Katz-Mariani: Our primary goal in past years has really been to engage the local community specifically and support local pride efforts. But this year, because we're online, we've been able to expand that to a national platform, which is amazing. Also, in past years we’ve held it at a local venue. This year, of course, we're holding it online and figuring out how that works and how we'll be able to maintain the joy and sense of community that is naturally brought about during a live performance. It has been difficult, but it's also been really rewarding. We're at the point right now where everything is really starting to come together, and I'm really proud of the way that it's turning out thus far.

I will say, a constant has been the general goal of this event. In past years, we wanted our local community to walk away knowing or understanding a little bit more about the relationship between religion and queerness, and that they can and and do mix. That is still something that we want to impart. Also just that it's not an unreasonable expectation to feel not just welcomed, not just tolerated, but rather celebrated in every religious space that you enter as someone who identifies as LGBTQ+. That's something that will never change regardless of the format of the program.

SP: Historically, religious institutions and the LGBTQ+ community have not always had a symbiotic relationship. Beyond this event, how has Hillel been an inclusive space for students?

Katz-Mariani: Illini Hillel specifically has been absolutely amazing, beyond my wildest expectations of how they support my efforts and my fellow students efforts to promote LGBTQ+ equality and celebration in a Jewish space. There have been hurdles, because it's really important to all of us not to deny the fact that historically, religion and queerness, as you said, haven’t always mixed, and students and staff and many other groups of people have had experiences that we don't want to negate. So our goal has always been to make Hillel as safe and welcoming of a space as we possibly can, and that means shouting loud and proud that we support the LGBTQ+ community and that they are a valuable addition to our community as it is. And like I said, truly, the staff has gone to so many lengths to support what LGBTJew does. I'm just eternally grateful for their support.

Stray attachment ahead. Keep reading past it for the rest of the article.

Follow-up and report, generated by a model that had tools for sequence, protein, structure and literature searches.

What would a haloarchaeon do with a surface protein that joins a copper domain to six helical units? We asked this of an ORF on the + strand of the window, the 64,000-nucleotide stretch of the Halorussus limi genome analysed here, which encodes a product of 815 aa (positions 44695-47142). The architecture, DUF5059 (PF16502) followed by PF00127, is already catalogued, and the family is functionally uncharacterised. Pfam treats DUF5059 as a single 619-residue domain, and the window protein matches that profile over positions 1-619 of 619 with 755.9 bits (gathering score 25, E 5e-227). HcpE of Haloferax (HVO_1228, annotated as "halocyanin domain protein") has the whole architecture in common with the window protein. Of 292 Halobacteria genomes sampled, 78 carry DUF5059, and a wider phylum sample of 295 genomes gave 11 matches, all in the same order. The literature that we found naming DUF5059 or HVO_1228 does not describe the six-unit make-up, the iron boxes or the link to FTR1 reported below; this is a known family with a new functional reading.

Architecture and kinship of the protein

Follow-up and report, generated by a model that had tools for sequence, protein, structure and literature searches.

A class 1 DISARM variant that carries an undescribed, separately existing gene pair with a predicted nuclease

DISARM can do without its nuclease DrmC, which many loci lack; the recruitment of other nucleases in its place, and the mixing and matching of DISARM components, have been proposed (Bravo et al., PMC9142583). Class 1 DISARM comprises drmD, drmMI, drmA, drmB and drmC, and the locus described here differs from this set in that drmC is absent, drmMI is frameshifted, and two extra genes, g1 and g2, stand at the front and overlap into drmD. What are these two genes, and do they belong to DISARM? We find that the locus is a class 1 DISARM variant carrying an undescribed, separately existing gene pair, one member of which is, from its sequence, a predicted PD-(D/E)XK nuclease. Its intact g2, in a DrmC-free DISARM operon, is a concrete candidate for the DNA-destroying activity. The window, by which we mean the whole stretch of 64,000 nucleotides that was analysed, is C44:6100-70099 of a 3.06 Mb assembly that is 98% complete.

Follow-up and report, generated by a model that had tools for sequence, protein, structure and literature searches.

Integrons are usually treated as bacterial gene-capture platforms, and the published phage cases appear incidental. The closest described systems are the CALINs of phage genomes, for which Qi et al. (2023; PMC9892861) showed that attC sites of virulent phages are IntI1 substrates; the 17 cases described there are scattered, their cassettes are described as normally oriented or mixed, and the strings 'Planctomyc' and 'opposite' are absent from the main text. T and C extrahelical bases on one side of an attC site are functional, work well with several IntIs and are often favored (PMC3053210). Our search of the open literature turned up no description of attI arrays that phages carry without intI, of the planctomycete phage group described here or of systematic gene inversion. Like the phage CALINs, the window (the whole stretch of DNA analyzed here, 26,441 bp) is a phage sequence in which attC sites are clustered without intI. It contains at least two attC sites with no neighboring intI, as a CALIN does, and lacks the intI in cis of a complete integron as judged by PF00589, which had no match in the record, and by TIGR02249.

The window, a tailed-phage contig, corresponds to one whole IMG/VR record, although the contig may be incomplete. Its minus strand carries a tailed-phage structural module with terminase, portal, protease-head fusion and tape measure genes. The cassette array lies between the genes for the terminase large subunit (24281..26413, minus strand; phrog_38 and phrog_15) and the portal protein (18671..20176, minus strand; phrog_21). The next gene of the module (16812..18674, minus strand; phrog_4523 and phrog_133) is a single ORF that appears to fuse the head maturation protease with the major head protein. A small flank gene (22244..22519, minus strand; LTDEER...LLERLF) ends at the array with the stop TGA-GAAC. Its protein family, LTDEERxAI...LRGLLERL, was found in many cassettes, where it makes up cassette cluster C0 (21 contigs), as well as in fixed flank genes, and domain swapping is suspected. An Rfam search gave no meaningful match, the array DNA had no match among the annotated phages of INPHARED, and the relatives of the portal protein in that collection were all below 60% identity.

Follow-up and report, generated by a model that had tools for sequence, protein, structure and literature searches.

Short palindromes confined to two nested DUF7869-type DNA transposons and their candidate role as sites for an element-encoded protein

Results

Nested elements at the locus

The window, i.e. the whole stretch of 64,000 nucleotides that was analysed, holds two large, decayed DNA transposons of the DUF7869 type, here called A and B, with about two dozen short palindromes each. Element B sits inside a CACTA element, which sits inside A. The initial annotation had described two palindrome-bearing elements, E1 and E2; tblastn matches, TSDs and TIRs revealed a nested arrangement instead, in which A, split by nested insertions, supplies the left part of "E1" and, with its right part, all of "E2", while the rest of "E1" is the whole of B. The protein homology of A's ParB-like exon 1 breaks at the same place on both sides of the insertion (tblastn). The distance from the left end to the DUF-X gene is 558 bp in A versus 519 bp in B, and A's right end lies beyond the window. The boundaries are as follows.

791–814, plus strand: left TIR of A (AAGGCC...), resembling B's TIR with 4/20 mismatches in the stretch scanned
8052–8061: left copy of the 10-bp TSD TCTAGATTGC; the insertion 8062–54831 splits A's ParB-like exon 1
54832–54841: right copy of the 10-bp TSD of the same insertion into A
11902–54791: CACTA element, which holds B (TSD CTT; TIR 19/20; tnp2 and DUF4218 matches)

SP: Who is involved in performing in the show each year? Do you have the same performers that have been coming back year to year? What can viewers expect from the performance.

Katz-Mariani: That is a great question.The answer is that we will have a mix of both students and professional performers, and that is similar to what we've done in the past. There are several student and professional drag performers who are back with us again for another year or a third year, and then we also have some new people on board us as well. We'll have about six student performers, and roughly five professional performers.

The general outline of the show involves a dramatic retelling of the Purim story with those drag performances tied into various themes and plot points interspersed throughout the show, if that makes sense.

SP: You said in the past for the live shows, people are encouraged to dress up, and there's kind of this whole atmosphere to it. What do you encourage folks to do that are gonna be watching from the comfort of their own homes, to get the full experience?

Katz-Mariani: They are, of course, encouraged to dress up. This should be fun, celebratory, joyous. The goal is just to celebrate everyone together as they are. We have a mixture of both live and prerecorded elements, so there will be a mixture of what we're watching, but, I would just say come as you are and enjoy the show in whatever way — within reason — that you would like to!

SP: Is there anything else that people need to know?

Katz-Mariani: Yes, there is. In order to attend the event, you do have to register ahead of time. Then you'll get a customized Zoom link to access the show.

Also, the really wonderful part about going national is that we're able to support an organization, JQ International, which advocates for LGBTQ+ Jews around the world. The event is totally free to attend, but if you would like you can donate during the event.

The 4th Annual Illini Hillel Purim Drag Show is happening Thursday, February 25th, at 8 p.m. Register for the performance here.

Top photo from Illini Hillel Facebook page.